I don’t have space to tell you everything that interested me about this book but here are a couple of bullet points I thought were worth mentioning:
The Flynn effect- intelligence scores substantially increase with time. The difference between successive generations is incredible.
Violence does not increase following economic downturn- criminologist David Kennedy.
Fearon and Laitin 1945-1999 found that income inequality did not correlate with increased civil wars.
Baumeister and colleagues found that self control is like a muscle- after practising self control for weeks, students did better on a test of their self control, but had reduced smoking, drinking and junk food consumption without thinking about it.

Progress
“we enjoy the peace find today because people in past generations were appalled by the violence in their time and worked to reduce it, and so we should work to reduce the violence that remains in our time.” xxv

Time of the Old Testament “The possibility that a woman had a legitimate interest in not being raped or acquired as sexual property did not seem to register in anyone’s mind…Human life held no value in comparison with unthinking obedience to custom and authority.” p14

Hobbes in Leviathan 1651, on the reasons for violence: “So that in the nature of man, we find three principal causes of quarrel. First, competition; secondly, diffidence; thirdly, glory. The first maketh man invade for gain; the second, for safety; and the third, for reputation.” p39 Interesting accidental gender bias which links to evolutionary biology- men act to maximise offspring, thus fighting over limited resource of mates while women invests in each child to maximise survival.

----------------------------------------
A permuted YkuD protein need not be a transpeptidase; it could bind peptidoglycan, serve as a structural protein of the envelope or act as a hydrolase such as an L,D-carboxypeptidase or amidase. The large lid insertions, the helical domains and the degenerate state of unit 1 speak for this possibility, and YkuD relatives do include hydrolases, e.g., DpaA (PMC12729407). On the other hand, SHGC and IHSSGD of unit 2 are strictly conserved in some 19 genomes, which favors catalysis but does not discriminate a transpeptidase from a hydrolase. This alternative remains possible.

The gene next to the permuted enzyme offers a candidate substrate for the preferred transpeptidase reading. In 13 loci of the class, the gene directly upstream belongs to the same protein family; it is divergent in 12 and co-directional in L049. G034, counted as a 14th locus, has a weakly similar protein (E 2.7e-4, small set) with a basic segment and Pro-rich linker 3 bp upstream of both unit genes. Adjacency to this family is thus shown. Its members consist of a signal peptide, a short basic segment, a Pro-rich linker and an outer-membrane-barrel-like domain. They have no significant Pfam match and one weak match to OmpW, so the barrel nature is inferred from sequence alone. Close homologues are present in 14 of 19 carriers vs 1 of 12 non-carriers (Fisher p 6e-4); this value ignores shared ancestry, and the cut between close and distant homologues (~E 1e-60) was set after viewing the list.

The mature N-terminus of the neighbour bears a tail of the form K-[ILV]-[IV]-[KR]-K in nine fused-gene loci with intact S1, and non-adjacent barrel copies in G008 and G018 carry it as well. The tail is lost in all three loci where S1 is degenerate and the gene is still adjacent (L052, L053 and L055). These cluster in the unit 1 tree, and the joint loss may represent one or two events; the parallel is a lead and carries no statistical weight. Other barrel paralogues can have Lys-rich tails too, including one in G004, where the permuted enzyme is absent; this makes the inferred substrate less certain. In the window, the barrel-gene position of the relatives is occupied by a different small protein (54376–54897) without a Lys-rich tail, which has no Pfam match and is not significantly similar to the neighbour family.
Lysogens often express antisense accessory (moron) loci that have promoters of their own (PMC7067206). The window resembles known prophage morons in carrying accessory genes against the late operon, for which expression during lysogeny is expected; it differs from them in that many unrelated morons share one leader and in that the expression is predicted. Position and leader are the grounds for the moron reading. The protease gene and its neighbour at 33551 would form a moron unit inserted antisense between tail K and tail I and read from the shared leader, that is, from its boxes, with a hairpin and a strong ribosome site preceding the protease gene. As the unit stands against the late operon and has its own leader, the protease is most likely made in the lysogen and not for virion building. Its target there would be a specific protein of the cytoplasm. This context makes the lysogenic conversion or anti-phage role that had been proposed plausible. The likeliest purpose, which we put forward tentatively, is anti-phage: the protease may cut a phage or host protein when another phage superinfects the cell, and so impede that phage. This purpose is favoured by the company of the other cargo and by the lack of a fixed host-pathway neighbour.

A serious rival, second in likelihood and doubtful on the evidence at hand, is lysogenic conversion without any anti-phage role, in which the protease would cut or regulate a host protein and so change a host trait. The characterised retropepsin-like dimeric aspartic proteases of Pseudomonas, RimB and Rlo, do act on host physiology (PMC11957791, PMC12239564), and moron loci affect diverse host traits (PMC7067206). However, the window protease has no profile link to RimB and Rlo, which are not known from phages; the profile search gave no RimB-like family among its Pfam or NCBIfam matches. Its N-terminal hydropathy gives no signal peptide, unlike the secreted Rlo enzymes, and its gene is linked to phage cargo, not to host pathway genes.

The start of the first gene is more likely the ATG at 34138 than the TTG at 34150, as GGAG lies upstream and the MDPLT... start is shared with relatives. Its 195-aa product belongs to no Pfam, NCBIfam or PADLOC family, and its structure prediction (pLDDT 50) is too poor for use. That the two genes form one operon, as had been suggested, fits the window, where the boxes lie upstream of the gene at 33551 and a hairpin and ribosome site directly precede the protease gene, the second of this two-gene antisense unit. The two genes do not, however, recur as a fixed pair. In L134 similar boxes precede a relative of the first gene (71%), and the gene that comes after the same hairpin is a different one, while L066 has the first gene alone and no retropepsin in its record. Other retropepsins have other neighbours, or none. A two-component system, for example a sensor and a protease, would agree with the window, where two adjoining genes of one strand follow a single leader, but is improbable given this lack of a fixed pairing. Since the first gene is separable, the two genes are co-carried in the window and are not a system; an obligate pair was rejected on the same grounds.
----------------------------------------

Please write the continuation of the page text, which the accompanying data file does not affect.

America “The North is an extension of Europe and continued the court and commerce-driven Civilizing Process that had been gathering momentum since the Middle Ages. The South and West preserved the culture of honor that sprang up in the anarchic parts of the growing country, balanced by their own civilizing forces of churches, families and temperance.” p127

“This common knowledge, as economists and logicians call it, gave rise to a horizontal web of solidarity that cut across the vertical ties to parents and authorities that had formerly isolated young people from one another and forced them to kowtow to their elders.” p130

James Madison “If men were angels, no government would be necessary. If angels were to govern men, neither external not internal controls on government would be necessary.” p193

“The point is not that killing ten civilians is O.K, but rather that in any previous war, even a few years ago, this kind of civilian death would barely have caused a ripple of attention.” p321

Violent practices pass “from unexceptionable to controversial to immoral to unthinkable to not-thought-about during the Humanitarian Revolution.” p351

In light of bankers in the modern day “Merchants and other middlemen, who skim off a profit as they pass goods along without causing new stuff to come into being, are seen as parasites, despite the value they create by enabling transactions between producers and consumers who are unacquainted or separated by distance. Moneylenders, who loan out a sum and then demand additional money in return, are held in even greater contempt, despite the service they render by providing people with money at times in their lives when it can be put to the best use.” p397